Bash

July 21, 2017

**

Going the Distance

 

From Meisner to Method Acting classes, the short form works of Neil LaBute, with their heightened, naturalistic dialogue, have proven to be popular go to scripts for many acting coaches and student productions. Self-contained, LaBute's shorter works often provide ideal material for audition pieces. Which often sends a shudder of dread down a potential audience’s spine. Because all too often that’s exactly what a LaBute short, or monologue, show feels like; a student audition piece that never became a full performance. If there’s a hint of this in Out of Time Theatre’s current production of LaBute’s “Bash,” where two monologues wrap themselves around a two-hander to explore the nature of evil, it’s also a production that stands its ground, and one that ultimately manages to go the distance.

 

Often called “Bash: The Latter-Day Plays” because of their focus on Mormonism, a religion of which LaBute was once a member before being sent into Mormon exile, Out of Time Theatre have opted for the simpler “Bash” in keeping with LaBute’s modifications to minimise the works Mormon connection. LaBute didn’t want the experiences his triptych explores to be dismissed as oddities of religious indoctrination, but wanted them to speak to a universal experience. Director Emily Maher shows a good appreciation of LaBute’s use of Greek myth to explore modern day evil, as well as ensuring accents are exceptionally well done. Yet her directorial presence is overly imprinted on “Bash.” Rather than feeling like three individual movements, all three pieces look, feel, sound, and move in identical fashion, constrained by a single directorial voice into a narrow performative range. A range defined by immense restraint. With performers often appearing to be reined in too tightly, the overall effect is to keep “Bash” moving at an unchanging, pedestrian pace.

 

Opening with Iphigenia in Orem, Patrick Bokin delivers a standout performance as a father believing himself on the verge of losing his job and resorting to extreme measures, in what is the most successful of the three pieces. Bokin’s restraint buckles in places and his performance is all the better for it as he slips the reins, allowing the festering emotions bubbling underneath to find truer expression. In the duet that follows, A Gaggle of Saints, Patrick McConnell Flannery and Ciara Andrea Smith as the all-American jock and his popular high school girl, play out their American dream of white privilege and violent prejudice. Yet both struggle to find connection in what is the most difficult piece of the three. With pacing off, it all starts to look and feel like a verbal tennis match after a while, as rallies of dialogue are flicked across the stage with little variation. This tale doesn’t quite come together as chemistry between the two is never quite achieved due, in part, to both actors seeming to embrace the stereotype rather than the character trying to live it. In the final piece, Medea Redux, Deirdre Jones as the surviving victim of child abuse physically looks the part, but excessive restraint again prevents this piece from igniting. In all cases, the physical dynamics of performance suffer with actors often looking uncomfortable when transitioning between standing, sitting, using their arms or smoking a cigarette, the latter seeming to interrupt the performance rather than informing it. Too often the ‘acting’ is obvious, with cast holding the moment or waiting on the beat, made even more noticeable under the intense scrutiny this pared back form demands. A situation not helped by Brian Murray’s light and sound design which struggles to find its feet.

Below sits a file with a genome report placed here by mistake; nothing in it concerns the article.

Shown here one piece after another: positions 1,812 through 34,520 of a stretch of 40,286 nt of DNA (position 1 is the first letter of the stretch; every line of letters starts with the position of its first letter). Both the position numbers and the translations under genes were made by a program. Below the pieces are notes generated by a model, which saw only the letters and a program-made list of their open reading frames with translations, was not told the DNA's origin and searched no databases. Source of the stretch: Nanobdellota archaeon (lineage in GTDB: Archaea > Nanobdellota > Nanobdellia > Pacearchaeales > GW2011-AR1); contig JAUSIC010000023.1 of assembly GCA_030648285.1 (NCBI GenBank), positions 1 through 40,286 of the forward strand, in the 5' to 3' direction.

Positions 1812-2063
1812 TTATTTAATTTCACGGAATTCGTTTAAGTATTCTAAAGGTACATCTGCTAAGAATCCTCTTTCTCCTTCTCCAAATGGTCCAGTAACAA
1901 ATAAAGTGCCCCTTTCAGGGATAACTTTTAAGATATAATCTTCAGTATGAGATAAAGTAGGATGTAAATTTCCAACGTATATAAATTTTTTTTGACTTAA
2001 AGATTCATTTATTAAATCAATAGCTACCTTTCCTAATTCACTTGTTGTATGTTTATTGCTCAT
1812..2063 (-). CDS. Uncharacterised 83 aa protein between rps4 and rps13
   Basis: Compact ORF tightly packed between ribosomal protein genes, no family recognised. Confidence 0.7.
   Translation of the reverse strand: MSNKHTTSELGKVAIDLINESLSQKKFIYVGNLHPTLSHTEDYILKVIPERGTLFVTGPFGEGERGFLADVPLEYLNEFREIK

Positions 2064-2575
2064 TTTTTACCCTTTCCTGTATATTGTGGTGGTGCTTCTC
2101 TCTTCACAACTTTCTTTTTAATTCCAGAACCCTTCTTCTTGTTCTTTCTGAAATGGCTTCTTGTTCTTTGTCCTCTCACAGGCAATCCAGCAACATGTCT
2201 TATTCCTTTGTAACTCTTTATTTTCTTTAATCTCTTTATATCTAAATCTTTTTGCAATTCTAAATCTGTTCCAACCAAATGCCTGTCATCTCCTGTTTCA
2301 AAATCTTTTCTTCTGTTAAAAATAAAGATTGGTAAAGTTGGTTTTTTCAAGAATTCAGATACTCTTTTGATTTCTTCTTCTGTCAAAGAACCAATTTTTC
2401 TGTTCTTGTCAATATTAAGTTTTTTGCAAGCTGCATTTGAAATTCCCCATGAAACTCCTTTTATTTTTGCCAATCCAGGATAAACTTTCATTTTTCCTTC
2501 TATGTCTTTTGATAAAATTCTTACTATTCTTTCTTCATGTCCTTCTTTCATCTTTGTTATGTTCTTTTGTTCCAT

If LaBute’s dialogue feels like overheard conversation, this heightened naturalism is only a convention. One built on a structure similar to a boxing match. Rhythm is always slow at first, setting it all up. Pacing is paramount, as each piece engages in a lot of shifting foot work, ducking and weaving, dodging and bobbing as jabs are thrown to feel out openings before unleashing killer right hooks to land their knockout blows. If “Bash” lands its punches, it unfortunately pulls them first, ensuring they carry very little weight when they make contact, feeling like slaps rather than knockout blows. In between blows, performers stand far too still, telegraphing their wind-up punches from miles out. But you sense it’s all there, bubbling just below the surface. If they could only just relax, float more like butterflies and sting like bees, there could be some serious power behind this production. Yet if “Bash” doesn’t deliver a knockout punch, it certainly goes the distance, and if it can feel like a tough night of theatre at times, it often has moments that find their mark and one incredibly impressive performance.

 

“Bash” by Neil LaBute, produced by Out of Time Theatre runs at The Players Theatre until July 29th

 

For more information, visit Out of Time Theatre Company

 

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